“I would describe Mark as the most positive, sophisticated, kind, funny, sensitive, caring and selfless young man. He is dedicated to those he loves and to his work, being one of the most intelligent and driven men I have the pleasure of knowing. Mark was pleased when his father was recovering from surgery and I could tell he was always more relaxed when his father was out of hospital.
Mark has achieved an incredible amount at his age, having his own business and clients while doing a law degree and being such a caring son. I would often get a call from Mark saying he was meeting a client and would I like to meet him after, he would always have time for his friends even though he had such a busy life. I had lunch with him the Wednesday before his arrest [February 2010]; he was the same person I have always known.
I trust Mark with my life (I even put all my savings up to try and secure him bail), he is one of a very few of my friends who I feel comfortable enough in his presence to do or say almost anything. In the time I have known him I have never once felt anything negative toward him, or seen any other side to him than the loving, caring person I described above. The accusations are flawed based on Mark’s character alone. He is an irreplaceable friend”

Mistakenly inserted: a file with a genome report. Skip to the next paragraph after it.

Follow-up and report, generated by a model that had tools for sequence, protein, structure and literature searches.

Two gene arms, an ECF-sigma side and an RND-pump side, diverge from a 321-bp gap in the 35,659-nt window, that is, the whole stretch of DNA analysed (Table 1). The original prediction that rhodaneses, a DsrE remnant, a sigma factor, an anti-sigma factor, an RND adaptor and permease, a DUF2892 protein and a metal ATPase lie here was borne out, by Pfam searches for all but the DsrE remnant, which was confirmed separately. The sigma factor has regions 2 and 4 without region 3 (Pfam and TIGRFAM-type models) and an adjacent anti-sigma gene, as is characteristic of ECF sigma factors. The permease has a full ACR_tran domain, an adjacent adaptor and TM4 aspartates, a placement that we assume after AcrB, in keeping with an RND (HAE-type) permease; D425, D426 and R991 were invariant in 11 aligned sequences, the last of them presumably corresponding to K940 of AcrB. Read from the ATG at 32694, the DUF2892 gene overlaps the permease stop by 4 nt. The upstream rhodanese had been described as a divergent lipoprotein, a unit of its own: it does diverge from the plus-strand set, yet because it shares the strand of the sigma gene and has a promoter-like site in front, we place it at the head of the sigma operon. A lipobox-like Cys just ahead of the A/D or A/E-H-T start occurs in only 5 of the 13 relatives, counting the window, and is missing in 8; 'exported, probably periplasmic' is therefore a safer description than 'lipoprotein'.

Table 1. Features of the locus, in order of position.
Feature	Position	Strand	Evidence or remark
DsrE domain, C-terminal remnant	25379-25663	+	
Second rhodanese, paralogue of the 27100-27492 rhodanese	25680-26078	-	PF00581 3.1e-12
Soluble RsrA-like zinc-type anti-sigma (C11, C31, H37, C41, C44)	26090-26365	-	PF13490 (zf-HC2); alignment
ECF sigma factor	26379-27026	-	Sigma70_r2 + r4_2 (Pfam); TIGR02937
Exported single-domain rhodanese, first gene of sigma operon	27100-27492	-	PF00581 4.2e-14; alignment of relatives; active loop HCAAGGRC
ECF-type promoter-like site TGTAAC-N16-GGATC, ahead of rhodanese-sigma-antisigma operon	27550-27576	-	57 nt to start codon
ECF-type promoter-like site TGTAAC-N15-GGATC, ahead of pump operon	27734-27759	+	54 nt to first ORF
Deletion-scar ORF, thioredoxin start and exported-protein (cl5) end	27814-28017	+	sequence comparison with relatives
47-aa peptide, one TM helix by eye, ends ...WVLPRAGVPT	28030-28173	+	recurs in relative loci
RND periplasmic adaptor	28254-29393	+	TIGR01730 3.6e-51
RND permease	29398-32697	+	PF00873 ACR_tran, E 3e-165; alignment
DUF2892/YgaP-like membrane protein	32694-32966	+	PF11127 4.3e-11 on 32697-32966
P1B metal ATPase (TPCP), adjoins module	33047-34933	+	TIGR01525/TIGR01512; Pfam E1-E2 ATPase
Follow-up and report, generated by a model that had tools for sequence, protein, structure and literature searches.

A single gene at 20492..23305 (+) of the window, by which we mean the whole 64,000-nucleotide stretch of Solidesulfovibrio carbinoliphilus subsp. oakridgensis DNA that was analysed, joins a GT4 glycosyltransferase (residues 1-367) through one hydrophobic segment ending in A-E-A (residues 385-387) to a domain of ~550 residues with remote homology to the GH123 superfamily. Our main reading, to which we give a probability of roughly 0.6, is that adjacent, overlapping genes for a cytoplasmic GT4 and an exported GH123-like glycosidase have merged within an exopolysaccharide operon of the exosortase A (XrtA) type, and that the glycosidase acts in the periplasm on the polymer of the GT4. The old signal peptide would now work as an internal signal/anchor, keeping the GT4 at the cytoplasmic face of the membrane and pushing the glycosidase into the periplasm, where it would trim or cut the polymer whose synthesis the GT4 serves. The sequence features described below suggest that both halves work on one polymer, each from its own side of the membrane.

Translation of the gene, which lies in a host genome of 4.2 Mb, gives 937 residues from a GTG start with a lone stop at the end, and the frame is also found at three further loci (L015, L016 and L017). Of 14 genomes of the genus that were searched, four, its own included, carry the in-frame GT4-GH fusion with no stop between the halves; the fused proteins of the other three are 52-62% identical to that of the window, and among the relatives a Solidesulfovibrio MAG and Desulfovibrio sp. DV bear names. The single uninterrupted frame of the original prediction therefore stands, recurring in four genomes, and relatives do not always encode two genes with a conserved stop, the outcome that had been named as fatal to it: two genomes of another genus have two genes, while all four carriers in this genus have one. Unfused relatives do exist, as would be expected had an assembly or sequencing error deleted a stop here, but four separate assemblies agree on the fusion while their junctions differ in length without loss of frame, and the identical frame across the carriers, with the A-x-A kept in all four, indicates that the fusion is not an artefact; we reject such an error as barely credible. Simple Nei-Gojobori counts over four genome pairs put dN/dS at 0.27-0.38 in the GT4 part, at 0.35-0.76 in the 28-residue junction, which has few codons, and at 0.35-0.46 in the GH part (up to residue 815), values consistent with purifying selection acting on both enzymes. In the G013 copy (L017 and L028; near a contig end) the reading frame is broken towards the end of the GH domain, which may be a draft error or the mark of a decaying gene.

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3 weeks ago
Mark asked me to post these guidelines:
Hi all, the rules for sending cash into prisons are changing from 2 November. You'll no longer be allowed to send money to Mark by cheque, postal order, bank transfer, or as cash in the post. Prisons will only be accepting money by debit card through their online portal: www.gov.uk/send-prisoner-money
If you'd like to see Mark, he is currently allowed two visits a month under the reduced Coronavirus regime. Online and telephone booking services have been suspended, so Mark will have to book you in himself. Please get in touch with Mark directly if you're interested. Visits will either be on a Tuesday or a Thursday, at 9:45 or 13:45, for an hour.
Mark explores how growing up in an environment of secrecy may have ultimately led to his wrongful conviction. With mistakes creeping in at critical points in the police investigation, did Mark really get a fair trial?
And, with such clear power imbalances between citizen and state, what does 'equality of arms' really mean for suspects defending themselves from positions of vulnerability? ... See MoreSee Less
Prison visits are now starting up again, but friends and family are banned from hugging or any physical contact, and separated by screens, visits have also been cut to just an hour. Mark is asking people not to visit him until these restrictions are lifted. He doesn't feel it would be fair on you to make such long journeys for so short a time and under such conditions. ... See MoreSee Less